I credit the guy for what he was saying...the average rider can't tell the difference and it's more important to ride than to talk about riding, but a serious rider could probably tell the difference in drivetrains just by feel.
 

HAB

Chelsea from Seattle
Apr 28, 2007
11,084
1,380
Seattle
I thought this thread would be about Rapid Rise. Rapid Rise sucks and should be punched in the mouth.
:stupid:


The worst is that one of the bikes we sell at the shop sometimes comes with a rapid rise derailleur, and sometimes dosn't. It's a cheap flat bar road bike, so many of the people who come to try one don't know anything about bikes, and need an explanation of the shifting. Since most of the bikes come with a high normal derailleur, I ususally forget to check if it's one of the oddballs with rapid rise, and occasionally confuse the crap out of someone. Even worse is when they come up and ride one one day with a high normal derailleur, and the next day end up one with with rapid rise. :disgust1:
 

BurlyShirley

Rex Grossman Will Rise Again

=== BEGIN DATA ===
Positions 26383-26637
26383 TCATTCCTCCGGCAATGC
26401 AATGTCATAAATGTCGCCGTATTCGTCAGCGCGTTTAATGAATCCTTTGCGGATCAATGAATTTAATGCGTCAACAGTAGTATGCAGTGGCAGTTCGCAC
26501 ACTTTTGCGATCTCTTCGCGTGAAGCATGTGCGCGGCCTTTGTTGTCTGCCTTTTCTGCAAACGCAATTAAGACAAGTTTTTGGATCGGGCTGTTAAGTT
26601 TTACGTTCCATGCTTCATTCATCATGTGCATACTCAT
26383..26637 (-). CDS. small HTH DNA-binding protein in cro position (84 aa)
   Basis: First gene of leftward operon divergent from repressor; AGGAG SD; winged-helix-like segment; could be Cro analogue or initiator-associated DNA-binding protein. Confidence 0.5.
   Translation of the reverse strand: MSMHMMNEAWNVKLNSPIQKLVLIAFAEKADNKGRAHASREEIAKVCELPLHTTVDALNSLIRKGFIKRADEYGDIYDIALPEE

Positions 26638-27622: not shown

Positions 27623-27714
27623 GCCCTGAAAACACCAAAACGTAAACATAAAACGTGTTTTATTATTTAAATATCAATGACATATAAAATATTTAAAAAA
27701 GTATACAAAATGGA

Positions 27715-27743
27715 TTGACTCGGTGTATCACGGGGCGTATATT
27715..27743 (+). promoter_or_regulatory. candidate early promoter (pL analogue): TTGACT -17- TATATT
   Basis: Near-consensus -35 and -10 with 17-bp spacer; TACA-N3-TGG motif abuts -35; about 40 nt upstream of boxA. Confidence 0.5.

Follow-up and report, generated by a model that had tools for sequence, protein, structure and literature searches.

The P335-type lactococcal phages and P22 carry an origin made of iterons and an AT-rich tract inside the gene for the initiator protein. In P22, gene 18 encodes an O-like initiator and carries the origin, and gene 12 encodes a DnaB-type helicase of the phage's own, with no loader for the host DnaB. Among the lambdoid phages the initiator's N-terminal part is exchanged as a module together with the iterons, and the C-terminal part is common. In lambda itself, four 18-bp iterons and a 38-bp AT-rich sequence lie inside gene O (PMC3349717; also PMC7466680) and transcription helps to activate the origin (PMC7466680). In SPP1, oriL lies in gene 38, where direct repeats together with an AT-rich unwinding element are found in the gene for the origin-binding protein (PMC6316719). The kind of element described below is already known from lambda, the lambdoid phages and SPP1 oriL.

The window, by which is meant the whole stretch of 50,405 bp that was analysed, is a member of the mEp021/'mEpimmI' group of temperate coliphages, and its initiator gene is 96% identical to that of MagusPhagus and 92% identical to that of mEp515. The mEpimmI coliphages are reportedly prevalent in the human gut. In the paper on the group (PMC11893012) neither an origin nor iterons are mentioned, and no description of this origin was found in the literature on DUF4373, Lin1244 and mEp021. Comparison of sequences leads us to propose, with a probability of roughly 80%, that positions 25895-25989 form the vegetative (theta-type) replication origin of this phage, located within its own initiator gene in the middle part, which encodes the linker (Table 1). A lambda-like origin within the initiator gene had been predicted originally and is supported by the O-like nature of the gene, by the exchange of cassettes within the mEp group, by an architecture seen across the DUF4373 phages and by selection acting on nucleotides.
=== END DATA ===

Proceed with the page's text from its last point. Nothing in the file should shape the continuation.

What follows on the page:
Jul 4, 2002
19,185
17
TN
The XTR der. I previously mentioned is a rapid rise, and I find that it functions just fine. Took a bit to learn to intuitively shift and tune it, but I really like the thing. Makes shifting the front and rear der. the same actions.
 

SkaredShtles

I love NEWCASTLE and will ONLY drink NEWCASTLE!!!!
Sep 21, 2003
53,167
5,348
In a van.... down by the river
The XTR der. I previously mentioned is a rapid rise, and I find that it functions just fine. Took a bit to learn to intuitively shift and tune it, but I really like the thing. Makes shifting the front and rear der. the same actions.
My wife has RR on her Trance and likes it just fine...

It f**ks me up when I ride her bike... at least for a couple minutes. :D
 

I Are Baboon

Run, Forrest, Run!
Aug 6, 2001
30,380
3,589
MTB New England
IMO, rapid rise isn't well suited for the constant short, steep climbs in New England. I used a rapid rise rear derailleur for a couple of months before abandoning it. Then again, my bike skills are sketchy at best.
 

HAB

Chelsea from Seattle
Apr 28, 2007
11,084
1,380
Seattle
The XTR der. I previously mentioned is a rapid rise, and I find that it functions just fine. Took a bit to learn to intuitively shift and tune it, but I really like the thing. Makes shifting the front and rear der. the same actions.